The Redhead Plays Her Hand
Gallery / December 17, 2013 / $15.00 print, $7.99 digital
Grace’s star is on the rise with a new TV series, but then the director asks her to lose fifteen pounds. When she goes public with her struggles with weight, she suddenly develops a huge fan club of people who are happy to see a curvy actress speak up, and she becomes a flashpoint in society’s ongoing conversation about what’s beautiful and what Hollywood’s responsibility is to portray women of all shapes and sizes.
Meanwhile, Jack is voted the Sexiest Man Alive and becomes a little too enamored with the star lifestyle. But while he can have anything he wants, he can’t have the one thing he really needs: a public relationship with Grace, which his manager says will hurt his career. When Jack begins to spiral downward into parties, booze, and Hollywood brat behavior, it’s time for Grace to set him straight—and maybe dare to walk the red carpet together, hand in hand.
All rock stars say they just want to play music and all actors say they just want to practice their craft, but like with any good drug, they quickly become addicted to the fame. Like any addiction, they can’t see the dark side of that fame until it is too late, and if they are not careful, the dark side of that stardom they wanted so badly can destroy the person they were.
In Alice Clayton’s Redhead series, thirty-three-year old Grace Sheridan and twenty-four-year old Jack Hamilton, the newest It boy in Hollywood, are moving on with their relationship after getting their first ugly taste of that dark side during Jack’s movie premier of Time. Since Jack first met Grace, he has resented his agent’s claim that his fans would balk at his unavailability so they need to keep their relationship quiet. Jack wanted to walk the red carpet with his Crazy Girl and he wants to go out in public with her without being attacked by paparazzi. Jack has always been quiet and reserved and this loss of privacy is adding a burden to his life that he never expected. The fact that he has to hide where he lives, especially since he lives with Grace now, is pushing him to the edge.
“What’s wrong, where are you?”
“Somewhere on Santa Monica. I’m stuck in traffic.”
“What the hell are you doing on Santa Monica?”
“Bloody photographer at the market…I pulled out and started heading back up the hill, and he followed me. Followed me no matter where I went, and I didn’t want to come home yet, so I kept driving. And so did he. And I ended up getting turned around in the hills and came back down and then—“
Jack, hey, slow down. It’s okay. Where are you now?”
“It’s not okay! This is fucking ridiculous! Grace, you should have seen how close this guy was behind me. He was a maniac—just to get a picture? It’s insane!”
In The Redhead Plays her Hand, Grace is reprising her critically acclaimed role as Mabel from the off-Broadway play onto the small screen. This is a dream come true for Grace. After she ran from Hollywood in her early twenties, she thought her desire to perform was a thing of the past. But she has lost all the weight she had packed on with a dedication to exercise and dieting, and she has returned with a determination to finally succeed. But at her first pre-production meeting, she gets an order from the producers that floors her; the producers need her to lose another 15 pounds before filming. With her already stringent regiment of exercise, she fears she won’t be able to eat again to meet their requirements.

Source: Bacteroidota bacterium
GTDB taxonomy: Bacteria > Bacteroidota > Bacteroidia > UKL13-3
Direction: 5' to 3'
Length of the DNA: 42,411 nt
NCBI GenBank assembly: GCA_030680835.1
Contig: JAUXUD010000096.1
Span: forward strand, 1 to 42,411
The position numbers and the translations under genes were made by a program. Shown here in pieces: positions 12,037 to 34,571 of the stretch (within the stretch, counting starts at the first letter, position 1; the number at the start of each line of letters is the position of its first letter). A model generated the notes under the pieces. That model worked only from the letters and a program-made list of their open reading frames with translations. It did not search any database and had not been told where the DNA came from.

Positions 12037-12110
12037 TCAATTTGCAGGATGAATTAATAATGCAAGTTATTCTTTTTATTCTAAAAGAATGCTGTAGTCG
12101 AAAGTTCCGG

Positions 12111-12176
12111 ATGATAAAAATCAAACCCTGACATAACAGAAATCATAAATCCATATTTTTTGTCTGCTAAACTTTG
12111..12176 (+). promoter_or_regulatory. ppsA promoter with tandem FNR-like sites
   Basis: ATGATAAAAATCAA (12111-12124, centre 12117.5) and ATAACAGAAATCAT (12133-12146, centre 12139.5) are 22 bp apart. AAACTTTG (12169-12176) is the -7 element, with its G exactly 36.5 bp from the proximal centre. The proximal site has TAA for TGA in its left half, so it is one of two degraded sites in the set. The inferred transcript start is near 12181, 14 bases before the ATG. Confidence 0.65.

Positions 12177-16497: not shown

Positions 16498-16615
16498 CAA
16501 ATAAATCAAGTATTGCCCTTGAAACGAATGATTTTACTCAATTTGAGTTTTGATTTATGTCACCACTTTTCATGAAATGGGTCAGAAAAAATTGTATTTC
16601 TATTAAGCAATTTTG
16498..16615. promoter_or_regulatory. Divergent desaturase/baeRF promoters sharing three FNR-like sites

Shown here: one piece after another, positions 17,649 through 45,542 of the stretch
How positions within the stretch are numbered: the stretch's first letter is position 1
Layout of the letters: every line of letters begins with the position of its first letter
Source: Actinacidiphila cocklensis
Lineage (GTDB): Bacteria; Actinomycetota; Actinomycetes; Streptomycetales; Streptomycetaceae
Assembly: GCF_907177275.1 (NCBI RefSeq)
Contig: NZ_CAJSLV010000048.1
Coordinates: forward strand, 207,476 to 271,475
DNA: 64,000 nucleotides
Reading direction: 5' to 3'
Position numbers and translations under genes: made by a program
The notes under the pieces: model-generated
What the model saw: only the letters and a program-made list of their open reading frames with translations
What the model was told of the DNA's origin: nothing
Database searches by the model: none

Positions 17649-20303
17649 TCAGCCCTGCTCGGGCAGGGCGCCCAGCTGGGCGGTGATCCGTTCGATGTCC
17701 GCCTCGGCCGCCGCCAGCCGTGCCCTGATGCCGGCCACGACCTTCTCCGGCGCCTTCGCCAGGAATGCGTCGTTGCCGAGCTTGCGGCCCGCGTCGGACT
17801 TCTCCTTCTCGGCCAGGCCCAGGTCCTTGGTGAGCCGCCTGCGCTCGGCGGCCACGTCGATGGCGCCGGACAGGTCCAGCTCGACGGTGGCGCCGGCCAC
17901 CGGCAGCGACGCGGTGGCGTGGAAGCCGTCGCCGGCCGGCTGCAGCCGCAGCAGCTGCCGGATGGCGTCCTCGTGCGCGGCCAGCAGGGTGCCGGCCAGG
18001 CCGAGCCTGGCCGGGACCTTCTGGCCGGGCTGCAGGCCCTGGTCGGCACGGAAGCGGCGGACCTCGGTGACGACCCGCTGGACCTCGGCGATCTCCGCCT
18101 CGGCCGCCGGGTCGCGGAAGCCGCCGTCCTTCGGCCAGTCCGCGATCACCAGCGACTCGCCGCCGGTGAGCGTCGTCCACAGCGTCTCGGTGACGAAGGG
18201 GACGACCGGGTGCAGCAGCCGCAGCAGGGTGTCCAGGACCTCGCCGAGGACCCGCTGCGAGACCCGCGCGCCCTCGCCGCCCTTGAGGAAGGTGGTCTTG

“Grace, come on, you’re beautiful, I—“ Michael started, and Holly interrupted him.
“Here it is. The exact note is: ‘We need her to have a little more cheekbone, a little more jawline,’ she read looking over her glasses at me as she finished.
“A little more cheekbone,” I repeated, mentally tallying how many miles I was already running a week and wondering how many more I could squeeze in.
And these pressures facing Jack and Grace aren’t unique. Holly is one of the best agents in Hollywood. There isn’t a client in her roster who she hasn’t had to criticize for some imperfection or flaw.
“Um, I was kidding about the large purse.”
“That’s funny because I wasn’t kidding at all,” Holly countered. “We talked about this.”
“Yeah, yeah, I know, but—-”
“But nothing, Grace. I love you. Is this weird for you? Yes. But not for me. This is my job. Does it suck that I have to tell girls all the time to fucking lose weight? Yep. Do I have to tell girls who just a year ago were voted Best Looking in their high school yearbook that they’re too generic to make it in this town? All the time. I hate it, but this industry isn’t changing any time soon, and other than that I love what I do. So suck it up.”
When a trip to the grocery store makes the headlines on TMZ and you find out the person that you are just isn’t perfect enough, the price for fame might just be too high and the pressure of stardom can destroy the strongest soul.
Learn more or order a copy of The Redhead Plays Her Hand by Alice Clayton, available December 17, 2013:
Lucy Dosch writes book reviews for her blog http://ebookobsessed.com. Her e-reader has turned her love of reading into an obsession. When she is not reading, she likes to spend time with her husband and two daughters.